Five years ago, a Chinese lawyer bought an old map from a dealer in Shanghai. Today, that map is at the center of the debate over who came to America and when.
The Chinese map, dated 1763, shows North and South America in a fair amount of detail. No surprise there. However, an inscription on the map says it is a copy of an earlier map, from 1418. If correct, that means the Chinese visited America more than 70 years before Columbus.
Historians have long known that Chinese Admiral Zheng He sailed all over Asia in the 1400s, and even got as far as the east cost of Africa. However, most doubt he ever reached the Americas—let alone explored them in the amount of detail this map suggests.
The map is currently being tested to see if it really is as old as it says it is. But even if the tests come back positive, the debate will not be settled. Even if the map is authentic, it is still only a copy—drawn in 1763, and supposedly based on an older map which no one has ever seen. It could just as easily be based on a map from, oh, 1762.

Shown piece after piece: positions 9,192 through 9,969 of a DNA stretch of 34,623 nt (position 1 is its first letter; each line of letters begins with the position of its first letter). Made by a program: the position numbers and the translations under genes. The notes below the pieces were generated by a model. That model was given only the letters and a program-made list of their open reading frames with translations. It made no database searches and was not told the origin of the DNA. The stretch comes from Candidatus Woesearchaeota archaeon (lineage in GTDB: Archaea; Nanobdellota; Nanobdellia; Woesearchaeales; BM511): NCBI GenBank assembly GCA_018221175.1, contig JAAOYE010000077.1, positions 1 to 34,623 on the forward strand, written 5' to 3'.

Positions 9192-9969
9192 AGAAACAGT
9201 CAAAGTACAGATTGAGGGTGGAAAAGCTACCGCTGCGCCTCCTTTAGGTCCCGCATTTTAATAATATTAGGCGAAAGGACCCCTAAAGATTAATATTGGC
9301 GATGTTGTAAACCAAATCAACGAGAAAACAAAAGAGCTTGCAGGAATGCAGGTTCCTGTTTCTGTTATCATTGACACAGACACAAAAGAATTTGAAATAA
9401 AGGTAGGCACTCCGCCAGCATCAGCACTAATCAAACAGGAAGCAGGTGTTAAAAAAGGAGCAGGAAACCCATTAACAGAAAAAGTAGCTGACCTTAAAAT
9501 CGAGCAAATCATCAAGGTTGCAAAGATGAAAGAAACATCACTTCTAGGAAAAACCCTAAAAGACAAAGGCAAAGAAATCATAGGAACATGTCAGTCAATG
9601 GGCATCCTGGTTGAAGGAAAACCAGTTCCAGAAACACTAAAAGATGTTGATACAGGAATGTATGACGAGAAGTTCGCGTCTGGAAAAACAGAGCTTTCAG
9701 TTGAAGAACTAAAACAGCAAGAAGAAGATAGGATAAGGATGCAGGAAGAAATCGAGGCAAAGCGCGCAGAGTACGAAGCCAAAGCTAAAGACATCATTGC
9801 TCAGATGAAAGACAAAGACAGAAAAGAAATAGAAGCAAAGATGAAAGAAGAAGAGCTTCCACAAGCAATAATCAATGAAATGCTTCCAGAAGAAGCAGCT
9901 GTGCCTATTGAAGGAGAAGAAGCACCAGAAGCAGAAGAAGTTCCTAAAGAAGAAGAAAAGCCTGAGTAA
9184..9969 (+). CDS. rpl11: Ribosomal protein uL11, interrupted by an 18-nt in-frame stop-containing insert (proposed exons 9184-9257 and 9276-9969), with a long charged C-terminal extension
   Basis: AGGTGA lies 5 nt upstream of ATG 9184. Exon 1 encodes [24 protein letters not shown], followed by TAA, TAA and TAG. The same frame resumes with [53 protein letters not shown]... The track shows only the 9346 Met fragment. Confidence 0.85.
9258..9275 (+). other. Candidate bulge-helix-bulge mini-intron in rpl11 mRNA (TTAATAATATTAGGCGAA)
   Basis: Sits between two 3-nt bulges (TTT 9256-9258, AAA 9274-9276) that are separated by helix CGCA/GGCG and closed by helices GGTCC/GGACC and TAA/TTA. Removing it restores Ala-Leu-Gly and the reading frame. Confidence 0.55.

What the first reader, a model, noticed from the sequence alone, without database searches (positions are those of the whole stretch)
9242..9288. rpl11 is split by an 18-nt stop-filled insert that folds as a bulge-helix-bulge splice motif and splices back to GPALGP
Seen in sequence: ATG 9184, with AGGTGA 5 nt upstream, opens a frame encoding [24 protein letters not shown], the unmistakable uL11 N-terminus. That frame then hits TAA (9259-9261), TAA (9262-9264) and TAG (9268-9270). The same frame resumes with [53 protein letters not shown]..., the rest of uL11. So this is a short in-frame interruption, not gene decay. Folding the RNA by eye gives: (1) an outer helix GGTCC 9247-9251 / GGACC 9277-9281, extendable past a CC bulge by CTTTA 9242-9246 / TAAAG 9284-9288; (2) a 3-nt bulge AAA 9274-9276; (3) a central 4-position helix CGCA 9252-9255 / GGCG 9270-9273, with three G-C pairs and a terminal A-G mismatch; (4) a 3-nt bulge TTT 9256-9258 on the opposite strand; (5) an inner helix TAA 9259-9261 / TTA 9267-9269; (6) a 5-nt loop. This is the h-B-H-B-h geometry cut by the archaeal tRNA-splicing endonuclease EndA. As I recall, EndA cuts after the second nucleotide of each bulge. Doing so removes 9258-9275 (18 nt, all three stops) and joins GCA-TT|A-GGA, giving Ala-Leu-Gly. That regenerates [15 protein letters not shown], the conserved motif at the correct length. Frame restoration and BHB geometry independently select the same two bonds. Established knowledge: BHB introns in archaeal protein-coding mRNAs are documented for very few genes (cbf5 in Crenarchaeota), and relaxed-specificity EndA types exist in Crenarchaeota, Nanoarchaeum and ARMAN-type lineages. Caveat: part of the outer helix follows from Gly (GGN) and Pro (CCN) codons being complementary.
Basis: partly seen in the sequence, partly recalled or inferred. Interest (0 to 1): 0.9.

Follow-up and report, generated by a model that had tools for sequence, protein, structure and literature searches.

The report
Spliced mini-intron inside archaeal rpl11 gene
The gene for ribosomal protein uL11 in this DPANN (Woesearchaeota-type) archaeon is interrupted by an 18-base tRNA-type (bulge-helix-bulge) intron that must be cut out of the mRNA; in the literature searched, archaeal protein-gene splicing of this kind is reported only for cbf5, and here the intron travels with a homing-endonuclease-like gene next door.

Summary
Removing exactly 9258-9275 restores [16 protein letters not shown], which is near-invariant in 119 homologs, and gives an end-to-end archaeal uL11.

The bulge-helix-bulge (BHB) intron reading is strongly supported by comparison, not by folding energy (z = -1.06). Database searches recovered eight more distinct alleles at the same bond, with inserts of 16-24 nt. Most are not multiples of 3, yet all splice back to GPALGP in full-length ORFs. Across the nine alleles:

(One interesting feature the article does not dwell on is the fact that the map also shows Australia—small and not in the right place, but it's there. Australia was not visited by outsiders until 1770. If the map really does date from 1763, then it may have a lot more to say about the history of Australia than the history of America.)